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Persuasive messaging for human papillomavirus vaccination by adolescent providers in a five-country multi-site study
  1. Janvier Rwamwejo1,
  2. Silvina Ramos2,
  3. Karen Morgan3,
  4. Karin Richter4,
  5. Chan Joo Kim5,
  6. Mercè Peris6 and
  7. Jennifer S Smith1,7
  1. 1 Department of Epidemiology, UNC Gillings School of Global Public Health, Chapel Hill, North Carolina, USA
  2. 2 Centro de Estudios de Estado y Sociedad, Buenos Aires, Argentina
  3. 3 Perdana University Royal College of Surgeons in Ireland School of Medicine, Selangor, Malaysia
  4. 4 Department of Medical Virology, University of Pretoria, National Health Laboratory Service Pretoria, Pretoria, South Africa
  5. 5 Department of Obstetrics and Gynecology, The Catholic University of Korea, College of Medicine, St Paul’s Hospital, Seoul, South Korea
  6. 6 Unit of Infections and Cancer, Cancer Epidemiology Research Programme, Institut Catala d’Oncologia, Barcelona, Spain
  7. 7 Lineberger Comprehensive Cancer Center, University of North Carolina, Chapel Hill, North Carolina, USA
  1. Correspondence to Jennifer S Smith, Department of Epidemiology, University of North Carolina at Chapel Hill, Gillings School of Global Public Health, Chapel Hill, North Carolina, USA; jennifers{at}unc.edu

Abstract

Objective Strong persuasive messaging by providers is a key predictor for patient acceptance of prophylactic human papillomavirus vaccination. We aimed to determine optimal messaging to promote human papillomavirus adolescent vaccination across different geographical sites.

Methods Adolescent providers (n = 151) from Argentina, Malaysia, South Africa, South Korea, and Spain were surveyed on messages, family decision makers, and sources of communication to best motivate parents to vaccinate their adolescent daughters overall, and against human papillomavirus. Multivariate logistic regression assessed the likelihood of recommending messages specifically targeted at cervical cancer with providers’ characteristics: gender, medical specialization, and previous administration of human papillomavirus vaccination.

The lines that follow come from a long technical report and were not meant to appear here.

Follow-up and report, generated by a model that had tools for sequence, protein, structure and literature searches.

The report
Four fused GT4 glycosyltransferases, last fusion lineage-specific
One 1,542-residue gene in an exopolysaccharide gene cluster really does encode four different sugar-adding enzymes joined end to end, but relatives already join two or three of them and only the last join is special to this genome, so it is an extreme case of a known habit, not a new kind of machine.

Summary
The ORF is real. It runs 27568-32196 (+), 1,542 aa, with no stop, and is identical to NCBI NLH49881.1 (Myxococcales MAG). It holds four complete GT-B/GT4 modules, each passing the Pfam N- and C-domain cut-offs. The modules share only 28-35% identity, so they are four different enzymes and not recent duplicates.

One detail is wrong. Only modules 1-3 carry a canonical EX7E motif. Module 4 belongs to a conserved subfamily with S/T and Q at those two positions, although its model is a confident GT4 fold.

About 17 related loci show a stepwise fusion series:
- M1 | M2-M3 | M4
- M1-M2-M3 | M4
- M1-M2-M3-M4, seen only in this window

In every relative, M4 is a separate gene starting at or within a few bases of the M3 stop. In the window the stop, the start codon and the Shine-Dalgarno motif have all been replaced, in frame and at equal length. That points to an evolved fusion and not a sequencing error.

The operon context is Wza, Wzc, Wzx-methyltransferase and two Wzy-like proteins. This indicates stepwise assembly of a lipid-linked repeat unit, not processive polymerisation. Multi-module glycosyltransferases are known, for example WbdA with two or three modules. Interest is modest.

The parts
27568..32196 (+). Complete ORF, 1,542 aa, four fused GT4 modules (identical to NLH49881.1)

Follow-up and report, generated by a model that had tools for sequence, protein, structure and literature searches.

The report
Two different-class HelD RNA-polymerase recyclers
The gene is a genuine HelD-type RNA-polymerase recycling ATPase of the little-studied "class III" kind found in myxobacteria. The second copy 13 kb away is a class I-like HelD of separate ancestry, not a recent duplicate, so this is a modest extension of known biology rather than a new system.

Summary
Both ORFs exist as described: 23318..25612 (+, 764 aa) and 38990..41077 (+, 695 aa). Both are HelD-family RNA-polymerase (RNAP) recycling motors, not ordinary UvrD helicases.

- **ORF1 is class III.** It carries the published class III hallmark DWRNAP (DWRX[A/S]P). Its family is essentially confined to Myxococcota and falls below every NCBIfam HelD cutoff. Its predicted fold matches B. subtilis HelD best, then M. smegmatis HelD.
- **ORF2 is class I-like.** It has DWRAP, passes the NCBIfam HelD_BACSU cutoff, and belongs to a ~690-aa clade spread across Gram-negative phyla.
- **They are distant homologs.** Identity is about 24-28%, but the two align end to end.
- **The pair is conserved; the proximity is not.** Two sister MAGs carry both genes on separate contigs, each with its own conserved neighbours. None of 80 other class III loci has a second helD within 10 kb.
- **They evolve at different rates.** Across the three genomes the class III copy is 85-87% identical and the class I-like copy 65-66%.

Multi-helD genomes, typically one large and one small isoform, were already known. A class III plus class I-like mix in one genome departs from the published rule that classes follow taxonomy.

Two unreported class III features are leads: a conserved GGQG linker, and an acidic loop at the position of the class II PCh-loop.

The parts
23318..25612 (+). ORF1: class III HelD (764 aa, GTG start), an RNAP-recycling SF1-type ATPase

Results Mothers were considered the most important human papillomavirus vaccination decision makers for their daughters (range 93%–100%). Television was cited as the best source of information on human papillomavirus vaccination in surveyed countries (range 56.5%–87.1%), except Spain where one-on-one discussions were most common (73.3%). Prevention messages were considered the most likely to motivate parents to vaccinate their daughters overall, and against human papillomavirus, in all five countries (range 30.8%–55.9%). Optimal messages emphasized cervical cancer prevention, and included strong provider recommendation to vaccinate, vaccine safety and efficacy, timely vaccination, and national policy for human papillomavirus vaccination. Pediatricians and obstetricians/gynecologists were more likely to cite that the best prevention messages should focus on cervical cancer (OR: 4.2, 95% CI: 1.17 to 15.02 vs other medical specialists).

Conclusions Provider communication messages that would motivate parents to vaccinate against human papillomavirus were based on strong recommendation emphasizing prevention of cervical cancer. To frame convincing messages to increase vaccination uptake, adolescent providers should receive updated training on human papillomavirus and associated cancers, while clearly addressing human papillomavirus vaccination safety and efficacy.

  • cervical cancer
  • human papillomavirus
  • vaccination
  • messaging
  • multi-site study

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Footnotes

  • Funding This study was an ancillary study to the GlaxoSmithKline Biologicals SA funded parent study (ID: 117339) which aimed to compare two versus three dose HPV vaccination. GSK was not involved in the conduct and analysis of this ancillary study. GSK was provided the opportunity to review this manuscript for accuracy, but the authors are solely responsible for final content and interpretation. Janvier Rwamwejo was supported by the University of North Carolina’s Graduate School Doctoral Merit Assistantship for study in Epidemiology during the completion of this work.

  • Patient consent Not required.

  • Ethics approval Study collaborators from each country received Institutional Review Board (IRB) approval from their respective institutions prior to data collection. UNC study staff received IRB approval for analysis of de-identified secondary data.

  • Provenance and peer review Not commissioned, externally peer reviewed.

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